Monday, 13 May 2013

Toothsome cars


Here in posh Bath, we have a different class of dentist. I hope their surgery isn't equipped with collectable, vintage chairs and drills too - I still have fond childhood memories of watching a slow drive-belt run round exposed pulley-wheels whilst smelling my own teeth burn.

The departmental store, 'Jolly's' behind the car was Bath's very own, family-run equivalent of Debenhams or Harrods. In the 1970s, the prim, old Mrs Jolly could be found taking tea in the cafe next door every day, occasionally chatting to minor members of the Royal Family. Today it is owned by House of Frazer.

My German dentist friend is also keen on vintage, British cars because he is - inexplicably - a true anglophile. Dentists in Germany cannot command the fees extracted from us by our British ones, through government legislation, so he can only afford old Minis of the type which were built in Oxford before BMW took over. Every time he picks us up from Bremen airport to make the 1 hour trip back to Bremerhaven, I get stuffed into a Mini with my knees smashing against the dashboard when we go over the slightest bump in the road, and H.I. sits crammed in the back getting poisoned by exhaust fumes. At times like these, I wish he admired modern German engineering more than he does.

The Mercedes 2-seater sports I delivered the bride-to-be in yesterday could only take two people - absolutely no further space in the back, even for an umbrella - but this is the sort of car I wish we were picked up in from the airport, but with two extra seats.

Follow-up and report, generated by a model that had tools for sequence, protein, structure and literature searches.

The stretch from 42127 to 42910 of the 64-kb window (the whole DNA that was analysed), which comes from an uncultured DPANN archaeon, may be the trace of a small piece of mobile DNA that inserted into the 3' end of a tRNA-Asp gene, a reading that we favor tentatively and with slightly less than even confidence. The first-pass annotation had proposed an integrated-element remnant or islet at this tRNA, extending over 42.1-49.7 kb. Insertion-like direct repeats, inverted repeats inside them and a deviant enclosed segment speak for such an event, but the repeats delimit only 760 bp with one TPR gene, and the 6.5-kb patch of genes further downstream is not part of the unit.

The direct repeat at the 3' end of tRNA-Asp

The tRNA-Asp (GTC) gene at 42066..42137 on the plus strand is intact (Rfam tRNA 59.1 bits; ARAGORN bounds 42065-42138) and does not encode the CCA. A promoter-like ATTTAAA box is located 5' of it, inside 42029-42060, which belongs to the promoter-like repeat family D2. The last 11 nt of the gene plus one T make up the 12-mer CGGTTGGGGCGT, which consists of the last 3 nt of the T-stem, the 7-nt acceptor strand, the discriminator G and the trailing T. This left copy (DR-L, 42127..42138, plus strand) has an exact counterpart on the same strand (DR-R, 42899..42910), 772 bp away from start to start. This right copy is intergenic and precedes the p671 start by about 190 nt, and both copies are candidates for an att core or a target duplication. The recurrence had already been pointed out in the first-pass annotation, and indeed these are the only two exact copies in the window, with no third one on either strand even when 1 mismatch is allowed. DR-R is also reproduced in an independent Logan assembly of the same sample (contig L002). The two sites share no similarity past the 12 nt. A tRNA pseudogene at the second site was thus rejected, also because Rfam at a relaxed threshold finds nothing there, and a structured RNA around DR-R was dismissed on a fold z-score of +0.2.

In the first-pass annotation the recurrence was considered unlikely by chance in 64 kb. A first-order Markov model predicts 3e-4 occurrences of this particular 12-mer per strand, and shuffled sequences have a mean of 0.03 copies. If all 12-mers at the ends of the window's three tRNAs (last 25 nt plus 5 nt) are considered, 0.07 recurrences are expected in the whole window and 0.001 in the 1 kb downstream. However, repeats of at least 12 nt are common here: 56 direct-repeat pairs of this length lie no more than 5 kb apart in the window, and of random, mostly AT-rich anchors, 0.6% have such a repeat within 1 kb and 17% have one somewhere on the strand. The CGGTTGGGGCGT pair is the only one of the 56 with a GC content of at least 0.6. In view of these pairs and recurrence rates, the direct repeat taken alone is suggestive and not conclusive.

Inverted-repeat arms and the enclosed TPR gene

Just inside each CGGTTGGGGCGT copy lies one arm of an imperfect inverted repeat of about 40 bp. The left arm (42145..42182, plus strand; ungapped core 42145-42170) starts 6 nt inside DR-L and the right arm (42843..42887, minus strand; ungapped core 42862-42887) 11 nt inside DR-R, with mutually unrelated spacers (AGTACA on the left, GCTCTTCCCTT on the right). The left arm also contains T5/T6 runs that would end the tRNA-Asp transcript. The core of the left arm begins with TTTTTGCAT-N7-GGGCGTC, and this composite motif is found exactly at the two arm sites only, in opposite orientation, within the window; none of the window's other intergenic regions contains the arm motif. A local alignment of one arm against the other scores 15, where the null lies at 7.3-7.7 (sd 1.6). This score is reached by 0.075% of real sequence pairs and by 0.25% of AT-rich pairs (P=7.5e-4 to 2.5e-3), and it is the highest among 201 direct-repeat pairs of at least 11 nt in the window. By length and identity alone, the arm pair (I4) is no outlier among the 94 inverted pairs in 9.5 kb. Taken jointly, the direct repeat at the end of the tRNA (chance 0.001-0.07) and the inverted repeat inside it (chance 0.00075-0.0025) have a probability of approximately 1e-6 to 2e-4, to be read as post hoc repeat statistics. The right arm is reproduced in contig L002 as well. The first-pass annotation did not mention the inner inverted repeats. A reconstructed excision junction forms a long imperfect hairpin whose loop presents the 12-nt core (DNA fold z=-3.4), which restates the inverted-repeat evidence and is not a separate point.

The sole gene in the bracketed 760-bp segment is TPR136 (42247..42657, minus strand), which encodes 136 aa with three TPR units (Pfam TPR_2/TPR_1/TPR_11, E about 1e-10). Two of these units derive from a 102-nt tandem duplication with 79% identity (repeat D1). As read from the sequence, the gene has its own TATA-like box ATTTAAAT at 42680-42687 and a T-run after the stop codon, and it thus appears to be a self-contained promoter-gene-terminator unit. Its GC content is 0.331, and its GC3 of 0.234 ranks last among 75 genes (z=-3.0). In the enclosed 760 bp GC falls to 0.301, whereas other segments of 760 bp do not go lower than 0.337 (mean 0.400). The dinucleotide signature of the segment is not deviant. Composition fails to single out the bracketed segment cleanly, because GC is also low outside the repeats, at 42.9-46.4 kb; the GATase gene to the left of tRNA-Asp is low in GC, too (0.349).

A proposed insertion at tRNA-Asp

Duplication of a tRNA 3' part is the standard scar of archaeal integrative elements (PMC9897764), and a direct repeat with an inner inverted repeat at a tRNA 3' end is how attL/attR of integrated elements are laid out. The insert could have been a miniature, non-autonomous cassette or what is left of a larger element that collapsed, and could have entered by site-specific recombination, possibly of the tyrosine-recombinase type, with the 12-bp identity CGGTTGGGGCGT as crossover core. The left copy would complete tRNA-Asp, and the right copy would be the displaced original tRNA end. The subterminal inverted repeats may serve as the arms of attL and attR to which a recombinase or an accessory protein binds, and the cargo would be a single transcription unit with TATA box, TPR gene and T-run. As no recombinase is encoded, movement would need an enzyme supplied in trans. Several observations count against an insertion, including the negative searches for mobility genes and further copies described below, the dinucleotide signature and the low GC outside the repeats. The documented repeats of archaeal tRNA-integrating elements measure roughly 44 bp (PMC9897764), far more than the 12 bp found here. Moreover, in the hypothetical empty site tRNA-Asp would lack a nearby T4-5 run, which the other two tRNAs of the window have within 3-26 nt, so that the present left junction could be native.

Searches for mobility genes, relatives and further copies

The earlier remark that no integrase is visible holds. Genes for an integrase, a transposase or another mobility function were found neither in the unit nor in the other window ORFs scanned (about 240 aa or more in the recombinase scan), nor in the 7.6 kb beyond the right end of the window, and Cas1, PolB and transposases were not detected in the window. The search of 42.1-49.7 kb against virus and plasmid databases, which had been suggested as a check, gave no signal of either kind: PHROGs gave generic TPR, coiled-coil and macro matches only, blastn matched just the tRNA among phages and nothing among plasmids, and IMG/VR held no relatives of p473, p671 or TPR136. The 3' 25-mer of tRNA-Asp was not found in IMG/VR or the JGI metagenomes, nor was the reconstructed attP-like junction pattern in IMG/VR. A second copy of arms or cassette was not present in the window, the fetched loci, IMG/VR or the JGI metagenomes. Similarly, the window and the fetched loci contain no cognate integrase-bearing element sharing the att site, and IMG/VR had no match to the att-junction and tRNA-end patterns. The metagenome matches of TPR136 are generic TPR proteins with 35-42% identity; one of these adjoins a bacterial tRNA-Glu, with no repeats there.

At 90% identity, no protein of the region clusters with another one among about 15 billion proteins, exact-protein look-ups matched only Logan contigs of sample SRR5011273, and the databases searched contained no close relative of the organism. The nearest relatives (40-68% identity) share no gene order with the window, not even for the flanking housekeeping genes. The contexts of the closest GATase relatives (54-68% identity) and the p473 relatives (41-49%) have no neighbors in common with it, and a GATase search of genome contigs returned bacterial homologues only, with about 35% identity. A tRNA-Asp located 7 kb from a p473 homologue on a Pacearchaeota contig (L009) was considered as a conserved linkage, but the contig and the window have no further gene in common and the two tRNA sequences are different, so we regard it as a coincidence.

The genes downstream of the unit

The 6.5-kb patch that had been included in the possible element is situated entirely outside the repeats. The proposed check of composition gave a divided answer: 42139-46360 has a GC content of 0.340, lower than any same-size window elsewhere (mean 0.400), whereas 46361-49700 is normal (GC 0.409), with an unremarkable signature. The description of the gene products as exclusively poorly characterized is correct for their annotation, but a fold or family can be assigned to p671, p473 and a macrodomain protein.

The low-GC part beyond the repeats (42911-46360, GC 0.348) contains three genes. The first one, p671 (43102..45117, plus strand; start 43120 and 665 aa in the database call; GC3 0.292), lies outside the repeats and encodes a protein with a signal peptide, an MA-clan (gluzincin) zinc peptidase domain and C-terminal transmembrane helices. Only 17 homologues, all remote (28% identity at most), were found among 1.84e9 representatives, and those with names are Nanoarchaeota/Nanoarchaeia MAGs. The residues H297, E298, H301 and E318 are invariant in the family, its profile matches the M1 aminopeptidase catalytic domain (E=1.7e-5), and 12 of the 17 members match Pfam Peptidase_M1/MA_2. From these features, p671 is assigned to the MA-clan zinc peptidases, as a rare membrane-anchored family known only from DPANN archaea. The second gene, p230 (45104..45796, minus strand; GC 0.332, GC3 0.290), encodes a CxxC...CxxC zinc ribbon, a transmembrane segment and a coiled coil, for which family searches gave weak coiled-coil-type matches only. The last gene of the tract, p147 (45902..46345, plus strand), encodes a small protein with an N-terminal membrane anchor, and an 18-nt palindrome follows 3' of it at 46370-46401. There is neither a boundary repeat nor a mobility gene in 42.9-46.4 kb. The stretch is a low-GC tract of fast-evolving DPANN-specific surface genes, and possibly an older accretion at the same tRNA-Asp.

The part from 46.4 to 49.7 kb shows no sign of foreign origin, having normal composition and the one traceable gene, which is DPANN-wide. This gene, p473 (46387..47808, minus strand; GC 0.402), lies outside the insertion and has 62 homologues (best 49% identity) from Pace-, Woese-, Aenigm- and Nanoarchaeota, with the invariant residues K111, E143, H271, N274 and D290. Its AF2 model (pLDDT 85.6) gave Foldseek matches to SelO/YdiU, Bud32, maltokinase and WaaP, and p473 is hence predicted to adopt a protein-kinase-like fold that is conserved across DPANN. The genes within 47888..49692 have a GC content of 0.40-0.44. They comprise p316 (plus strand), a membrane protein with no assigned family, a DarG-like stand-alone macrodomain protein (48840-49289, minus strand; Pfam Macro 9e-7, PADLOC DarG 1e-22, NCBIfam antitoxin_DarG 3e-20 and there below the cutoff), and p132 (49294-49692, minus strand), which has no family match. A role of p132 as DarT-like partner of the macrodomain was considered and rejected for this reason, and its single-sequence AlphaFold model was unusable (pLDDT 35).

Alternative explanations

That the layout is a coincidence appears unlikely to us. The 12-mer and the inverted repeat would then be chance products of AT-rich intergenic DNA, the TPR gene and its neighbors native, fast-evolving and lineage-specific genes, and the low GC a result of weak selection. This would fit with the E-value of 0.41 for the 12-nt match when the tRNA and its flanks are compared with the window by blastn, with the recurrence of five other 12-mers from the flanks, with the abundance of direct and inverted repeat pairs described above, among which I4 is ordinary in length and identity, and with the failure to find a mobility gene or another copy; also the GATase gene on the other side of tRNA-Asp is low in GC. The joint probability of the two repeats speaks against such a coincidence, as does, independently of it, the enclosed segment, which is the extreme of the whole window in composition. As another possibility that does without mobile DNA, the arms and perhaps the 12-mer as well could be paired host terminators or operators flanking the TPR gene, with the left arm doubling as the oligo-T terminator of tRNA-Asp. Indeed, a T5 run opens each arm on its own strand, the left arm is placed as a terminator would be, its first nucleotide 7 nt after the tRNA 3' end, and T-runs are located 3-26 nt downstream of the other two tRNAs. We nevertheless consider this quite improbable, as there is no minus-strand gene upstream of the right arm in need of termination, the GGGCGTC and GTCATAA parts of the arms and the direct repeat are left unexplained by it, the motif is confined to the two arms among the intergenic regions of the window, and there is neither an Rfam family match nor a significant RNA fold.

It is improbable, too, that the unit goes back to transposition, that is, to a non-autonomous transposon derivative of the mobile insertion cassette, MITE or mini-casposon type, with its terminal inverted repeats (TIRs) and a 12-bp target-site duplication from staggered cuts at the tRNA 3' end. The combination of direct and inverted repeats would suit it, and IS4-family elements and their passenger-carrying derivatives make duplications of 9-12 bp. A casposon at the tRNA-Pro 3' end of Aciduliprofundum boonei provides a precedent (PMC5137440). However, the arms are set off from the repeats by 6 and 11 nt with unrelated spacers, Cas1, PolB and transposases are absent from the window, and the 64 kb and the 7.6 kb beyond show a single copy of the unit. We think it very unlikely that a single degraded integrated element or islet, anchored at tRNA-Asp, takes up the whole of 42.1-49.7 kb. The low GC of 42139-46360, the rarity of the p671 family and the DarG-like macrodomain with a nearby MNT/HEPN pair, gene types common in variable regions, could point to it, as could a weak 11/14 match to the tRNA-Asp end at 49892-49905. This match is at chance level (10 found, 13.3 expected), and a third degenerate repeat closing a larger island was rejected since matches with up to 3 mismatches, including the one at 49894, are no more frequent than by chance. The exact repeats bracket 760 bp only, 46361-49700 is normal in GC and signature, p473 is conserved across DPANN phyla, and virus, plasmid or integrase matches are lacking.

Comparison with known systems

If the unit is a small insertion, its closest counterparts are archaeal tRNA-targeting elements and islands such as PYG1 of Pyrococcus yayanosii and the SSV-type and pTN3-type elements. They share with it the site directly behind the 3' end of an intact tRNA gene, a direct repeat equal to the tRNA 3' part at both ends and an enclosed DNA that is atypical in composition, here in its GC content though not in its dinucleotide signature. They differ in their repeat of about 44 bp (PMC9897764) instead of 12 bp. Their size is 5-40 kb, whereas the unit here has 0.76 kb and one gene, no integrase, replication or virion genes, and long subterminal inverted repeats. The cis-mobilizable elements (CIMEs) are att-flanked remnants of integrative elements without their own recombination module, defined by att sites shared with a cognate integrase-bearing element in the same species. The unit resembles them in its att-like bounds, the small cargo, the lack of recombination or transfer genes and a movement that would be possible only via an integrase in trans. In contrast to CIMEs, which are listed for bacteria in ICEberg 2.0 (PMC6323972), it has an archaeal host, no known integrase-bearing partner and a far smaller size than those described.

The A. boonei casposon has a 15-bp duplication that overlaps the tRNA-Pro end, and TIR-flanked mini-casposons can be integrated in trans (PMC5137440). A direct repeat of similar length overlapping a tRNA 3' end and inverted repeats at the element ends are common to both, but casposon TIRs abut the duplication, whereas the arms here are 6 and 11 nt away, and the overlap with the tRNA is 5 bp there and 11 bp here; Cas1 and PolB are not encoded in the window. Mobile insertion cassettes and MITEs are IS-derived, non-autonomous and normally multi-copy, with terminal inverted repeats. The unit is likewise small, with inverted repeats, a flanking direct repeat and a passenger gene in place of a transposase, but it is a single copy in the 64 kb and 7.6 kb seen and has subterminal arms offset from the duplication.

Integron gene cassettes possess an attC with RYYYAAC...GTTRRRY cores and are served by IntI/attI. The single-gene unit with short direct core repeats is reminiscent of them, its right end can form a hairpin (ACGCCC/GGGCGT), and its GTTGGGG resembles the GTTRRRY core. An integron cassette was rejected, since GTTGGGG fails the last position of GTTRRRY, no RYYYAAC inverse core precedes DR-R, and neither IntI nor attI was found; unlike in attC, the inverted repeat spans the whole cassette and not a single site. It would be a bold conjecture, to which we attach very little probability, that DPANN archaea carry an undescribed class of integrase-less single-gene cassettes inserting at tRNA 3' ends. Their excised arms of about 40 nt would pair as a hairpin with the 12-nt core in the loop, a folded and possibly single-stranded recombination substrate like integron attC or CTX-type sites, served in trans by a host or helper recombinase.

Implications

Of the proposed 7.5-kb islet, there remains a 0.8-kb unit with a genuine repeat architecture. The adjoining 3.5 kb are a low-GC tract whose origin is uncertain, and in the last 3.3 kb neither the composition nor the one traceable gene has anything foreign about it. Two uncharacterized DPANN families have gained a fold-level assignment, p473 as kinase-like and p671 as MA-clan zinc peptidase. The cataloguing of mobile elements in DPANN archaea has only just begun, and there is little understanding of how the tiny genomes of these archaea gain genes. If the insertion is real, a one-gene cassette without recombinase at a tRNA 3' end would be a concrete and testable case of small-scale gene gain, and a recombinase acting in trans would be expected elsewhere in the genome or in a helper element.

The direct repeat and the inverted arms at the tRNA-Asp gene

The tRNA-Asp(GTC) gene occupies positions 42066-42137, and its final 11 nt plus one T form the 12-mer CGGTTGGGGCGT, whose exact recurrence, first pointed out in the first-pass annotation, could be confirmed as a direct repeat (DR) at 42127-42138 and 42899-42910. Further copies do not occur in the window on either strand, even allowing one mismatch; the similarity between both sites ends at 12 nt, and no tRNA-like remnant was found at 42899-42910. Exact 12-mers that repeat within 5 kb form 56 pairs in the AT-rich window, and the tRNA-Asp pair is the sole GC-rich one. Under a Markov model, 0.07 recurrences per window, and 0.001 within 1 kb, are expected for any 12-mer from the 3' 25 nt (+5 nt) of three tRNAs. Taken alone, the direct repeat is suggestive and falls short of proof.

I met the owner in town, and he gave me a brief run-through about all the gizmos attached to it, saying that I should not touch one particular button, as it would go fast enough without re-setting the performance configuration anyway. Then he simply said, "Well, what more can I say? It's a car".

So I pulled it out of the parking space, making full use of the bleeping reverse warning signals, then when I approached a junction and stopped by putting my foot on the brake, the engine just cut out. The slight, involuntary feeling of panic when this happened was allayed when it noiselessly re-started itself when my foot came off the brake though. German engineering.

I picked up the blushing bride (hardly) and with a bit of time to spare, we took a little trip to Claverton Down so she could get her blushing under control (hardly).

Going up a steep hill (effortlessly) I pulled to the left to allow a car coming the other way to pass safely, and a different warning bleeper went off in the cockpit. The car was telling me that I was getting quite close to a stone wall. German engineering.

I had originally planned to borrow a different car from this man, but he had sold it by the time the wedding was due, so I had to make do with the Mercedes, especially since the bride had refused to arrive in my unwashed old Volvo 850 estate.

He has been a fast-car fanatic ever since he passed his test and seems to have the resources to indulge himself in his passion. The car I had originally wanted to use was a twin-turbo Bentley of about 600 horse-power.

More German engineering.

14 comments: